324 F.2d 329
NATIONAL LABOR RELATIONS BOARD, Petitioner,
BYRDS MANUFACTURING CORPORATION, Respondent.
United States Court of Appeals Eighth Circuit.
Nov. 21, 1963.
Allen M. Hutter, Attorney, N.L.R.B., Washington, D.C., Arnold Ordman, General Counsel, Dominick L. Manoli, Associate General Counsel, Marcel Mallet-Prevost, Asst. General Counsel, and Warren M. Davison, Attorney, N.L.R.B., Washington, D.C., on the brief, for petitioner.
Wilson Sims, of Bass, Berry & Sims, Nashville, Tenn., for respondent.
Before VAN OOSTERHOUT and BLACKMUN, Circuit Judges, and DAVIES, District Judge.
BLACKMUN, Circuit Judge.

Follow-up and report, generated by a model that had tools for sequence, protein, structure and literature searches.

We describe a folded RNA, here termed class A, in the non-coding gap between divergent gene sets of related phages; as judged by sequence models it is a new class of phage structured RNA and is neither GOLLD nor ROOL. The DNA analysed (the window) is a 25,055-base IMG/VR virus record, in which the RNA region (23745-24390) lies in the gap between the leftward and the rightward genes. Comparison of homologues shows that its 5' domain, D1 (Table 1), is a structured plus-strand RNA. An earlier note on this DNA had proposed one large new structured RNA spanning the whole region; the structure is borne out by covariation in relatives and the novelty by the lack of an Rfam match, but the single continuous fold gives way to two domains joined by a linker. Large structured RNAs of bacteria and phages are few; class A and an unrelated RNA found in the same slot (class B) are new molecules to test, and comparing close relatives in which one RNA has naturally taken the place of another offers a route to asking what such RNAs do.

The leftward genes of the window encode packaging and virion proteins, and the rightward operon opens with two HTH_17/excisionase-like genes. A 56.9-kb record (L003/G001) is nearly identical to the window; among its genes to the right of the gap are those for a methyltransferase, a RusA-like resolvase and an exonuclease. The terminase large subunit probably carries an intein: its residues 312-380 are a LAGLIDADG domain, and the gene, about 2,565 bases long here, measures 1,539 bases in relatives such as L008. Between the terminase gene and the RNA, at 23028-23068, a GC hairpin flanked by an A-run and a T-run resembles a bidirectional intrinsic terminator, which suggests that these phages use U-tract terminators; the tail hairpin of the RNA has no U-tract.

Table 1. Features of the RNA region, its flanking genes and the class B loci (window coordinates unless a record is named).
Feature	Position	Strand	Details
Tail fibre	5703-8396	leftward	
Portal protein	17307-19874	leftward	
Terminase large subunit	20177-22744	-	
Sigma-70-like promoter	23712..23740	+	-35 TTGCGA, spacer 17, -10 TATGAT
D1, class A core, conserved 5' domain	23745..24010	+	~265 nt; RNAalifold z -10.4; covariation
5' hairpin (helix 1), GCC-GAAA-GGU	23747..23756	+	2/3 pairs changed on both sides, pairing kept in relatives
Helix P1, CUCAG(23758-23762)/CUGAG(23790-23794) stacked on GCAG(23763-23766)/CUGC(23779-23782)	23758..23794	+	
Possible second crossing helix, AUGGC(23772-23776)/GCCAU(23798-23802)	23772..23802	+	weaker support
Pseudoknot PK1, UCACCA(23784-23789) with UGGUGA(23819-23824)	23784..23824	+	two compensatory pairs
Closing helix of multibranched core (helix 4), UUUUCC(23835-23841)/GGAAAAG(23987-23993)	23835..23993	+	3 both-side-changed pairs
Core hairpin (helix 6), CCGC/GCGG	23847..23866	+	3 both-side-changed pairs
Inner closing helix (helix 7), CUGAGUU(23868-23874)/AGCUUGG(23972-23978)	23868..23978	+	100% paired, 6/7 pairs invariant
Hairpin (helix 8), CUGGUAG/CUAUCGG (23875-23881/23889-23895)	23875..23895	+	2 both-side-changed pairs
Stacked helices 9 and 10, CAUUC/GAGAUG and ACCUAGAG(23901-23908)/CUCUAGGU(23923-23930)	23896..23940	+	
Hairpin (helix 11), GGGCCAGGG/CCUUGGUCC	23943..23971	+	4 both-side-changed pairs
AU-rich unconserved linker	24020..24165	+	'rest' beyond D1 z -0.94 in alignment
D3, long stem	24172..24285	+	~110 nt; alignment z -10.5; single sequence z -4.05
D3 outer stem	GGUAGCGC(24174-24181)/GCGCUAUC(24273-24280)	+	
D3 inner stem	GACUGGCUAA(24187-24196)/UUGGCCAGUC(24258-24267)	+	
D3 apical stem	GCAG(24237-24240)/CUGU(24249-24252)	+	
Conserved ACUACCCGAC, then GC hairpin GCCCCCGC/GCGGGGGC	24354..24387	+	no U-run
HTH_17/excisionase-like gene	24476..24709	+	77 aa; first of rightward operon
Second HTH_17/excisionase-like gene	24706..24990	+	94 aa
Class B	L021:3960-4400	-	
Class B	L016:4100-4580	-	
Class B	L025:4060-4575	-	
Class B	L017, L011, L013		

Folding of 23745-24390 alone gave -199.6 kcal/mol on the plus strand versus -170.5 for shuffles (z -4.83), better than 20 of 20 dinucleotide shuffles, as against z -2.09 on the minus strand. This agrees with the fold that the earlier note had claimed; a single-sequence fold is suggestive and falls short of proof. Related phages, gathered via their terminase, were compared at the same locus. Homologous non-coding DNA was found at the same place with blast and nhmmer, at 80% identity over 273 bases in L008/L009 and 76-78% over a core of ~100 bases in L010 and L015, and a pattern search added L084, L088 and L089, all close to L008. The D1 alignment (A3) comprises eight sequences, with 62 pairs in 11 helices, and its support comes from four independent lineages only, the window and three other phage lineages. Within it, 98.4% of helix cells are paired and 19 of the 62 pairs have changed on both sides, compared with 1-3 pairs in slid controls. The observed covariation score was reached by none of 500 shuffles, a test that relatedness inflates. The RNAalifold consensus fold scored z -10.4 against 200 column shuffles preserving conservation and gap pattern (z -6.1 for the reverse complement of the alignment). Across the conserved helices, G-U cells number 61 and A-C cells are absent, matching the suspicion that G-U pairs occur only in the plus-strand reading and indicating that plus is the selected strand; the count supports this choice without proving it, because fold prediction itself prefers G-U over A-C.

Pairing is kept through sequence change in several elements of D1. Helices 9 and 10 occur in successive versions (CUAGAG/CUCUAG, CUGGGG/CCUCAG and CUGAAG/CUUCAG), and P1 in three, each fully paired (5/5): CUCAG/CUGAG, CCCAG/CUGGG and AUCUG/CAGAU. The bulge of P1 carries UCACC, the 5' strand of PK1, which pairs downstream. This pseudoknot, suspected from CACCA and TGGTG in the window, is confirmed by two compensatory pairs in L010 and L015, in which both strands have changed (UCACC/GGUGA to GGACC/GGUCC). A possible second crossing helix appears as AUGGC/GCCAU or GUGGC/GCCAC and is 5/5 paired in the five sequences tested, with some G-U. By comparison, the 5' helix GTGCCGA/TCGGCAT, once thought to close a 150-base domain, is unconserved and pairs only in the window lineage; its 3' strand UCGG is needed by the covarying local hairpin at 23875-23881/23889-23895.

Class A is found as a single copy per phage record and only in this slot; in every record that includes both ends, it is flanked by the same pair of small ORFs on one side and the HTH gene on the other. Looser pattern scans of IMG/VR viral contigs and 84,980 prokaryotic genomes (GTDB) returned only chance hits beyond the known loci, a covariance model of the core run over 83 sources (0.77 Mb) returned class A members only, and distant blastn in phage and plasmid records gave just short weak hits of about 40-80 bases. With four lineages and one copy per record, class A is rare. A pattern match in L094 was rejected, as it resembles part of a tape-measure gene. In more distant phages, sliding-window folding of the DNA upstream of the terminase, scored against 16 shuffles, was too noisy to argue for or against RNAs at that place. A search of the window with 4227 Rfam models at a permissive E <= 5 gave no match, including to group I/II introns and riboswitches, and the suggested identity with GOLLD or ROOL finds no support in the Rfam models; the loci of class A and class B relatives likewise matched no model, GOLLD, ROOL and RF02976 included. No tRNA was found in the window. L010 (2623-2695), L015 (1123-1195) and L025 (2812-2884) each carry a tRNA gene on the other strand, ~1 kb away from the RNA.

The National Labor Relations Board seeks enforcement here, pursuant to 10(e) of the National Labor Relations Act, as amended, 29 U.S.C.A. 160(e), of its 3-member-panel order issued December 18, 1962, with respect to Byrds Manufacturing Corporation. The decision and order are reported as 140 N.L.R.B. No. 14. The Board adopted the trial examiner's findings and conclusions that Byrds had violated 8(a)(1) and (3) of the amended Act, 29 U.S.C.A. 158(a)(1) and (3). Its order requires, as the examiner recommended, that Byrds cease and desist from the unfair labor practices found to have been committed, reinstate four named employees without prejudice to their seniority and with full protection for any loss of earnings, and post the usual notices. With one member disapproving, the Board also modified the examiner's recommended order by adding a provision that the employer's back pay obligation include 6% Interest. The union concerned is International Ladies Garment Workers Union AFL-CIO.